If you have ever wondered what’s going on inside the head of your client, before your client puts money on the line and says yes to your service or product, they typically make five decisions. Most have their basis in logic and are very thoughtful. Most firms have at least three people involved in making the decision to help lower the risk of an emotional decision.
Below is the process that most people go through, see if it fits your decision-making process.
1. Do I want to do business with this person?
Can I trust him? Do I like her? Who is this person, really, what are they like under pressure? Will I be able to work with them over time?
2. Do I want to do business with them?
What’s their reputation like? Are they credible? Do they deliver? Who have they worked with and what do they say about them?
3. Do we need these products and services?
Is there a special problem that they can solve? Can they help us make our goal sooner? Will they give us an advantage in the marketplace?
4. Is the product/service good value?
Will I get a good return on my investment? Is the price in line with similar services/products? Will this give us an advantage?
5. Do we need to buy now?
Is the problem about to get bigger and overwhelm us? Is a vital opportunity about to slip away?
These questions dominate every, “do I buy or not buy” conversation, especially when making a presentation to a large group of decision makers. The audience makes the first and second decisions based upon the reputation of the presenter and the presenter’s firm.
Often that reputation is “borrowed” from a respected member of the group who is sponsoring the presentation. (” our – – -, invited us to hear this guy speak.”) The actual presentation–if it’s a good one, will first define/clarify needs, then present a solution, and finally explain why this is the right time to buy.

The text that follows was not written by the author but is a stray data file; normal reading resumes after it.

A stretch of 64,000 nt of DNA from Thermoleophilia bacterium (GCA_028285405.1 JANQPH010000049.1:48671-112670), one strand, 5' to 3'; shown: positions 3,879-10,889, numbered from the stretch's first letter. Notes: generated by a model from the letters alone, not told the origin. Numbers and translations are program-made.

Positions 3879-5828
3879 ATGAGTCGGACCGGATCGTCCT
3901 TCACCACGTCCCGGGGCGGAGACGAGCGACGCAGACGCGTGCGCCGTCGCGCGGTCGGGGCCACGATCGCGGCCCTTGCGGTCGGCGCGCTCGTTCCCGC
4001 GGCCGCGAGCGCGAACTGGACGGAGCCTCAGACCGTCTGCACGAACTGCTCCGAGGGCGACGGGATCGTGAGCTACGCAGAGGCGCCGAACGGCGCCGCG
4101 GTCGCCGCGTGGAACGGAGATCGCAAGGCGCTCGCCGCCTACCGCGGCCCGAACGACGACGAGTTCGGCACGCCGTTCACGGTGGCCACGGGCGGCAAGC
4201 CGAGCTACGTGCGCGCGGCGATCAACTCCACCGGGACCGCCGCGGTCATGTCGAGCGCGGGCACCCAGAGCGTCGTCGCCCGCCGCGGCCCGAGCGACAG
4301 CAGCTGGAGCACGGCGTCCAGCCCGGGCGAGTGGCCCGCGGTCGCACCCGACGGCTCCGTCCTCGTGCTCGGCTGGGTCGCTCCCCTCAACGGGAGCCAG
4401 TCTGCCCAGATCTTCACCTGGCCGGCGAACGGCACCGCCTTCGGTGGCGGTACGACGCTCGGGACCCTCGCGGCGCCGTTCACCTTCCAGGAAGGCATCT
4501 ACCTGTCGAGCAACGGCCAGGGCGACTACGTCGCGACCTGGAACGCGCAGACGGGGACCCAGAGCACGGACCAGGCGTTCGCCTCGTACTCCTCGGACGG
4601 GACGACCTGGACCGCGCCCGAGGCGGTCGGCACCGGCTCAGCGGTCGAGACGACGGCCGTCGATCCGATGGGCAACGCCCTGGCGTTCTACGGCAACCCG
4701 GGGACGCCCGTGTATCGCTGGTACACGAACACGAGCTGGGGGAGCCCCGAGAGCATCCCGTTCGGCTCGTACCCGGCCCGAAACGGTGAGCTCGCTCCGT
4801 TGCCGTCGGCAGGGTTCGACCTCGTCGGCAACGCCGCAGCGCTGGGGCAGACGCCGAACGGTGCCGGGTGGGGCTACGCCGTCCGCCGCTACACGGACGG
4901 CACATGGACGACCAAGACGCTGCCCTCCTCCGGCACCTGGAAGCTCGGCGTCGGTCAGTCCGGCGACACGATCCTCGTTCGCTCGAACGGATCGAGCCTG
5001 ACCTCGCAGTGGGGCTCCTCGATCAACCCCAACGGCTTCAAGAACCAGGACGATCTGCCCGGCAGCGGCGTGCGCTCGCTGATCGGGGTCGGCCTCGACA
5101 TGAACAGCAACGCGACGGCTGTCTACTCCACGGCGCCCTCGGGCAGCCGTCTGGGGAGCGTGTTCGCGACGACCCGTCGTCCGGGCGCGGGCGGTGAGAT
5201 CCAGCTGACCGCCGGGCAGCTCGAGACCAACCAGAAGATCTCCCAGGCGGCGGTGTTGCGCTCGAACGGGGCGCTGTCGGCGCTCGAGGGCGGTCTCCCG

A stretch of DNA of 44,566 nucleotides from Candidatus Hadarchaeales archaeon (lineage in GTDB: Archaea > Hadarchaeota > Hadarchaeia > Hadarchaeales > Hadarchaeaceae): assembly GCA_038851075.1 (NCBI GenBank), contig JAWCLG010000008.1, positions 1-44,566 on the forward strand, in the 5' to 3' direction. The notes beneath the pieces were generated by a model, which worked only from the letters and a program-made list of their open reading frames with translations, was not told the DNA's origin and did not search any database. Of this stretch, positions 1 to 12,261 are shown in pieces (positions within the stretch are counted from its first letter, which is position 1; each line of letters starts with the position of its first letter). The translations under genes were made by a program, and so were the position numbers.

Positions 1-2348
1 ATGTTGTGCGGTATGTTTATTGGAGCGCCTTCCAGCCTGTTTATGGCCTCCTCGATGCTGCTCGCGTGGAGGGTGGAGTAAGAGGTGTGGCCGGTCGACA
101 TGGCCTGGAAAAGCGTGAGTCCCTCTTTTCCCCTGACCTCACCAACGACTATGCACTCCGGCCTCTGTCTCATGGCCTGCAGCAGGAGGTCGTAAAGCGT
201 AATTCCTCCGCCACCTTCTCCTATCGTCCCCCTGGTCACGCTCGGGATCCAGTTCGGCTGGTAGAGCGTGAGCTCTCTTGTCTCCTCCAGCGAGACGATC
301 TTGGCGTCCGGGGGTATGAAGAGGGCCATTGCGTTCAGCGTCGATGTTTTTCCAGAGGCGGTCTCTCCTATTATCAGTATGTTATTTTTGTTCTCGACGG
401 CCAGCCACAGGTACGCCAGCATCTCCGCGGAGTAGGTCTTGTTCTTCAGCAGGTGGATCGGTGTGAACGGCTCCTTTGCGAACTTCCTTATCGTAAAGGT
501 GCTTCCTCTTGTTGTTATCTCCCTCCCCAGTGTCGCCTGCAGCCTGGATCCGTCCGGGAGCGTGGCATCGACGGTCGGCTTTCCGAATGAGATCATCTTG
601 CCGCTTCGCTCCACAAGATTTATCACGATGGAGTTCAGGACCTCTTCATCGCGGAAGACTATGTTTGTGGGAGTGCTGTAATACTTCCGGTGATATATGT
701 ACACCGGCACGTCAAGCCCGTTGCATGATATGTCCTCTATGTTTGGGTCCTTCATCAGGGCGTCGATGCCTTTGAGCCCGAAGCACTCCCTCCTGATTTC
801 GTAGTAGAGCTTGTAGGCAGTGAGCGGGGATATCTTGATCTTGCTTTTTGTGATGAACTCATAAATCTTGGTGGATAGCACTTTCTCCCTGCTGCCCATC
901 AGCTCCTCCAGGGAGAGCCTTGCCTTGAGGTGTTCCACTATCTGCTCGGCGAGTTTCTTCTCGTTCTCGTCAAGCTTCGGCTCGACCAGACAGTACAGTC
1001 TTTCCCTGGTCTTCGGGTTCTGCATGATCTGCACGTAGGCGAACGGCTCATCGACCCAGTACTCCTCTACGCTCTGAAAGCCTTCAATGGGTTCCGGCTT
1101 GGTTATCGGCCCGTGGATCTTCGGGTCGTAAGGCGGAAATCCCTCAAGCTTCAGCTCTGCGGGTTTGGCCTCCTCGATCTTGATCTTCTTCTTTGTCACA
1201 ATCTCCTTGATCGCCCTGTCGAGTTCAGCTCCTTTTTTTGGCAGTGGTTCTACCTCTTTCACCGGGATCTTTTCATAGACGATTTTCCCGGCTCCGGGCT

Get It Right
In order to pitch effectively, you need to focus on presenting the information so they can make each decision in the proper order. If you try to get a quick decision that will naturally come later, you’ll end up losing it or delaying getting the contract. Trial closing usually means a ‘no’ later as it always feels like a hustle.
Can I Trust?
For example, if you start talking about problems and solutions to a group of people who don’t believe you’re a reputable person from a credible firm, you are wasting everybody’s time. The decision-makers don’t listen in fact they can’t, because until they answer this question “Can I trust this guy?” they are not ready to make a decision.
The need to establish credibility (i.e., decisions No. 1 and 2) is why many presenters begin by introducing themselves and their companies. This is where references play an important part in establishing credibility. It’s very powerful if “your reputation precedes you,” so that the first two decisions are already made before you present. Often today a RTQ is used (request to qualify) to weed out those who cannot deliver.
If you’re presenting to a group of people, make certain that as many attendees as possible have “endorsed” your presence and that the invitation to the meeting includes the information that establishes trust and credibility.
It Really Matters
However your behavior and personal presentation really matter! If you appear nervous, overbearing or arrogant you will lose the opportunity.
I know of one senior executive who likes to drop into the reception in shirtsleeves, just to observe how people are when they arrive, how do they treat his staff, what are their manners like. When I asked why, “Well if it is going to be a long-term contract, it is like marriage. Without the love, will I be able to stand working with them?”.
My point is, if all aspects of your service and product are very similar to your competitors (price, design aspects, etc.) then how is the decision made ~ it is by likeability. It is a very quiet and subtle emotion, almost overlooked by most people. For if they cannot imagine working with you, they won’t ~ you lose.